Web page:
Karen Garcia, co-founder of Lab6 Media, an OPM, says that mistakes during the fourth quarter can be costly. “The best advice I can give to a retailer is to test everything from an affiliate and consumer perspective. Ensure that the creatives and links you provide to affiliates are current, and that they redirect to appropriate and working landing pages. If you’re utilizing tracking codes for analytics, ensure those codes are correct,” Garcia says.

Garcia also emphasizes testing affiliate tracking pixels, especially if multiple payment methods are in play.

Stephanie Robbins is owner of Robbins Interactive, another OPM. She encourages merchants to look beyond traditional fourth quarter affiliate promotions, such as deals, coupons, and gift guides.

“Augment these plans with unique and innovative campaigns targeting your influencer and content affiliates. For instance, a cosmetic or fashion retailer can go beyond gift guides with campaigns focused on self-care or charity. Content affiliates are often overlooked. However these affiliates reach out to a new customer base for the brand,” Robbins says.

Greg Hoffman is president of Apogee, an OPM. He says that merchants need to lock down any site changes and affiliate program structures early on.

“Make sure you window dress for competitiveness and you make it as easy as possible for affiliates to see fast conversions. Besides adding promotions and answering questions, Q4 should not be a time for any major changes to affiliate programs. The sooner you prepare, the sooner you can react to the appropriate fires,” Hoffman says.

Affiliate Networks

Affiliate networks track traffic between affiliates and merchants, and facilitate reporting and payments. According to Rakuten Marketing, an affiliate network, ecommerce sales on Thanksgiving Day 2015 outpaced both Black Friday and Cyber Monday. Rakuten Marketing also noted shifts in consumer behavior that could impact fourth quarter 2016 strategy.

“We expect the percentage of consumers buying online and picking up in store will be significant again this [2016] holiday selling season,” says Adam Weiss, senior vice president and general manager of Rakuten Marketing. “Retailers that offer in-store pickup need to highlight the option through their affiliate marketing strategies, particularly as shoppers look to influencers and publishers for money saving and stress-reducing tips during the holiday.”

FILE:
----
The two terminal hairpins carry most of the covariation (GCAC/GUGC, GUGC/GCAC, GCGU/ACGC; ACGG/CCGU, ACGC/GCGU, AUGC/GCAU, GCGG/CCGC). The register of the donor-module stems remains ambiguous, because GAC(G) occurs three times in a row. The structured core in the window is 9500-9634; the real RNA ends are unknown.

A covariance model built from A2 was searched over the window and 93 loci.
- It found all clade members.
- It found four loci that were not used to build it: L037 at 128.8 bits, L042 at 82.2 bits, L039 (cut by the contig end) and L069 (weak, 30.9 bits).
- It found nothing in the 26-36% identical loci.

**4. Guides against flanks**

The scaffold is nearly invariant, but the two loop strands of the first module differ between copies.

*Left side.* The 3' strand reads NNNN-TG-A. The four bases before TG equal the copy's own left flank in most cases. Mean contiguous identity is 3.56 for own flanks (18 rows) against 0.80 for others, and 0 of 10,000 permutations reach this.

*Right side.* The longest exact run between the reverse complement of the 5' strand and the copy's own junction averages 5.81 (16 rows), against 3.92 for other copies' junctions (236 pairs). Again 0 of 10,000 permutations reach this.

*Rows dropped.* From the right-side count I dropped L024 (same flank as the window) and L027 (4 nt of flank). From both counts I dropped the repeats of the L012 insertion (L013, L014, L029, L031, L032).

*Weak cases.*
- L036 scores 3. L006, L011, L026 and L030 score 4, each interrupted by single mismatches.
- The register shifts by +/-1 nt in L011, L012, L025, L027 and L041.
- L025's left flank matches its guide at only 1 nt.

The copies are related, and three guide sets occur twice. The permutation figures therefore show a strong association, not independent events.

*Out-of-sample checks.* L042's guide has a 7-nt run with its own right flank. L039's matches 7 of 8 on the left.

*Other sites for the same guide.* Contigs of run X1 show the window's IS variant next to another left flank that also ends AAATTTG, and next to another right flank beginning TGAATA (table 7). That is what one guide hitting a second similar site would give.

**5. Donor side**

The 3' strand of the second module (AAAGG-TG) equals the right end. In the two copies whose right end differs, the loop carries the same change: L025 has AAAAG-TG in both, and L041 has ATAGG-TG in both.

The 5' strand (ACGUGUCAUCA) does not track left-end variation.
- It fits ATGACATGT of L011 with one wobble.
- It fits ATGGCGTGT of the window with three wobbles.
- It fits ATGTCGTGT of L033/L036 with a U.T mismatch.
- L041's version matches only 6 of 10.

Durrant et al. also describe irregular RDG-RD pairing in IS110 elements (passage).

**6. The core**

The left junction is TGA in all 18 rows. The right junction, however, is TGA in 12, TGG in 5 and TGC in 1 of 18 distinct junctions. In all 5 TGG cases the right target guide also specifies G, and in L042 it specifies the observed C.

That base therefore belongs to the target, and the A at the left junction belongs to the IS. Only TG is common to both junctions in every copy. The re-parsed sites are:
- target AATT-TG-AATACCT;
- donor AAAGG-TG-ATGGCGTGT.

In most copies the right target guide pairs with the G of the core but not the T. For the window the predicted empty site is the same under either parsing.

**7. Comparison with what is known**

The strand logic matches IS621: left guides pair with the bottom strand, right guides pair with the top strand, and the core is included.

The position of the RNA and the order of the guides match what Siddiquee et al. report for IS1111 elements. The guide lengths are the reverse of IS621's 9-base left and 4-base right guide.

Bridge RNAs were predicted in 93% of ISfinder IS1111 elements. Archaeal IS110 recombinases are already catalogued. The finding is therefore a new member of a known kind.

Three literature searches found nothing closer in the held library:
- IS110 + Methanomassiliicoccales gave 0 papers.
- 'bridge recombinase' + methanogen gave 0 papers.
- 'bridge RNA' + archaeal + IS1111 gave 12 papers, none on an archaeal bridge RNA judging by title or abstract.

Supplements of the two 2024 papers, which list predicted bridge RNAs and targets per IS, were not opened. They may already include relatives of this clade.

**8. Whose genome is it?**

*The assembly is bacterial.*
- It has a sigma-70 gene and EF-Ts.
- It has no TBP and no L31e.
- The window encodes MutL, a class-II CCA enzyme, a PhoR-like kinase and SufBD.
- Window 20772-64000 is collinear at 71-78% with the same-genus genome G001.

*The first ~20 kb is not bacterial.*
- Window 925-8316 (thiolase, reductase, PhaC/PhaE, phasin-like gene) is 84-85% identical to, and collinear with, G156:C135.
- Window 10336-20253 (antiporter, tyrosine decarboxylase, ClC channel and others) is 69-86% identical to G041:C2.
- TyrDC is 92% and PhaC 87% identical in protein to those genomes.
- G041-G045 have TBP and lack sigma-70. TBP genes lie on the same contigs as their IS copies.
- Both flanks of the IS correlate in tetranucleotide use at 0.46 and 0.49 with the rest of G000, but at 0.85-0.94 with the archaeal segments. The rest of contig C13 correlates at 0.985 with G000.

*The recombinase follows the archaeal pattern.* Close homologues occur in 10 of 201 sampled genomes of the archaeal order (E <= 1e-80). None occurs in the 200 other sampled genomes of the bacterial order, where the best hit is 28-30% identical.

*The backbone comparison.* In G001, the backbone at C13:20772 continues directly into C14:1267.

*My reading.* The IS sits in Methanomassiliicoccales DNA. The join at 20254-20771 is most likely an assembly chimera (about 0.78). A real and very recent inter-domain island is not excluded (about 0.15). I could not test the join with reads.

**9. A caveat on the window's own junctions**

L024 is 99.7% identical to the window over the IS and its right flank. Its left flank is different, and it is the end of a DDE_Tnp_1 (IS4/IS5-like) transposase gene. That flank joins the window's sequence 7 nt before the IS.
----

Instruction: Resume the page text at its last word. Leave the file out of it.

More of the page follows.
“We expect the percentage of consumers buying online and picking up in store will be significant…”

Weiss also recommends that merchants prioritize reaching consumers on smartphones. “In 2015, mobile accounted for 41 percent of traffic for Rakuten Marketing affiliate clients, and mobile sales were up nearly 60 percent over 2014,” Weiss notes. Weiss expects mobile sales to be even higher in 2016 as a result of increased consumer confidence, improved mobile encryption, and broader adoption of mobile payment solutions.

Chad Waite is a marketing manager with affiliate network AvantLink . He encourages merchants to provide a single set of banners that are continually updated with current promotions.

“This method of campaign management allows affiliates to be confident that the ad they’ve featured on their site will always be automatically and dynamically updated with the latest and rapidly changing promotions for the string of fourth quarter ‘holidays,’ such as Black Friday, Cyber Monday, Giving Tuesday, Christmas, and New Year’s Day,” Waite advises. “Let affiliates know that if they place an ad on their site, that ad will be updated with no additional work on their end. The less work for an affiliate to stay relevant, the better.”

Waite also recommends an attribution and commissioning structure. This provides dynamic and equitable commission payouts to all affiliates involved in a clickstream and not just the last click referral.

“Affiliates making referrals earlier in the clickstream are demanding to be included for their valuable impact in converting a visitor to a customer. If your program still operates on a ‘last click wins’ commissioning model, early affiliate referrals are getting cut out of the reward process entirely. Make sure your program is including them in data-driven, dynamic payout models — to keep all affiliates rewarded, happy, and fairly compensated, “ says Waite.

Carolyn Kmet
Carolyn Kmet